See the full article for a stark e-discovery reality check
DAWN BEYE’S teenage daughter suffers from anorexia nervosa and had to be treated in hospital at a cost of about $1,000 a day. Horizon Blue Cross Blue Shield of New Jersey, the Beyes’ insurance company, covered one month of the bills but then balked, demanding evidence that the affliction was “biologically based” rather than psychological. So Ms Beye got together with parents of other anorexic and bulimic teenagers and sued. Horizon immediately asked to see practically everything the teenagers had said on their Facebook and MySpace profiles, in instant-messaging threads, text messages, e-mails, blog posts and whatever else the girls might have done online.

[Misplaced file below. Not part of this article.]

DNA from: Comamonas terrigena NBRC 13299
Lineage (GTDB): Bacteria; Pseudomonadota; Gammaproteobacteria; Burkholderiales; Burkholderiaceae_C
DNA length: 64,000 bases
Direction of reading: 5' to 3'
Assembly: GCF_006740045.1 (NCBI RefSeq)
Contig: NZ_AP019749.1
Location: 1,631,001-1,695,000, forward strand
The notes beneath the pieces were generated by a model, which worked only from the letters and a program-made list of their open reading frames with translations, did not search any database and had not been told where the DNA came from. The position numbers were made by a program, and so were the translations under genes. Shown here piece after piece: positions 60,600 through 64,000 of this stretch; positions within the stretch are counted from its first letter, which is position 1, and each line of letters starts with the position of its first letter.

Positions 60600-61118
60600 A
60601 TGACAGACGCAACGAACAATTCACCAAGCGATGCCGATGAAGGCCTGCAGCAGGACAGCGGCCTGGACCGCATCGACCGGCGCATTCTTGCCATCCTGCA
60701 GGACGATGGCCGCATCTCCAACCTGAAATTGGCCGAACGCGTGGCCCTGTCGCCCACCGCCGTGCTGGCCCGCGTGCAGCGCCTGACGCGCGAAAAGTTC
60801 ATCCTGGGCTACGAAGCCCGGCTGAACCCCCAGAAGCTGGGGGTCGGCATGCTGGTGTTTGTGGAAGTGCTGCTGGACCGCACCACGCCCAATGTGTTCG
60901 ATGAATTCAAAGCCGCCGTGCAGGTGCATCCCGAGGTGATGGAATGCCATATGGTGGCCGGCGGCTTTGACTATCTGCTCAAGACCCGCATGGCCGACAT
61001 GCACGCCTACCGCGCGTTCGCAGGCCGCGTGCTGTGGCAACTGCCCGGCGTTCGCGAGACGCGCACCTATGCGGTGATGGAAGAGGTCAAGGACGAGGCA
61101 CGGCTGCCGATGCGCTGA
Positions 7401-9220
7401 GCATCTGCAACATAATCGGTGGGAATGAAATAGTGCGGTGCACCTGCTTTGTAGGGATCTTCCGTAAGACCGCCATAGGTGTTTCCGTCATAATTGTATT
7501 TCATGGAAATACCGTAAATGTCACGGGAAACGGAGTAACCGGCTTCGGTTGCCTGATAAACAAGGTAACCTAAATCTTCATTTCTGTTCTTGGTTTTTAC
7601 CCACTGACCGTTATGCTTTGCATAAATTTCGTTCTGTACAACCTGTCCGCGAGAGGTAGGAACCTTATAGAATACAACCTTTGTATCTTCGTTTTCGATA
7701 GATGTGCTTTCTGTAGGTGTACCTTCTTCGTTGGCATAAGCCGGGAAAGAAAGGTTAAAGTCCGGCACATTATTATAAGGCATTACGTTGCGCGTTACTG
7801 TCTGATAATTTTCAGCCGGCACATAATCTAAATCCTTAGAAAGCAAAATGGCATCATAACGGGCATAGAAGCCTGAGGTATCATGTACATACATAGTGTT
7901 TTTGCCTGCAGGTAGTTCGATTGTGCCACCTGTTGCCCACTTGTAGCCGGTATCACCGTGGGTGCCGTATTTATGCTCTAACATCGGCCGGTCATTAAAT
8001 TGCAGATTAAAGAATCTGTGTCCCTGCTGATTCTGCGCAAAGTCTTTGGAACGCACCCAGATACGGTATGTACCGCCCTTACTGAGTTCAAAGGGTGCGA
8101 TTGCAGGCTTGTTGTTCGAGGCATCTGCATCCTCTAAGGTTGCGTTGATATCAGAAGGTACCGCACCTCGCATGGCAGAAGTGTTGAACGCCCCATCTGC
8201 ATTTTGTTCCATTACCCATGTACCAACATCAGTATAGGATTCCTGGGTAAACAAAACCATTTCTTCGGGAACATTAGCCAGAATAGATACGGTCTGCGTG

The Beyes’ lawyer, David Mazie at Mazie, Slater, Katz & Freeman, objected on the grounds that Horizon’s demands violated the girls’ privacy. He lost. So hard disks and web pages are being scoured in order for the case to proceed. Gathering and then sifting through all the electronic information that a few teenage girls have generated is excessive and daunting, says Mr Mazie.
Technology, business and the law | The big data dump | Economist.com
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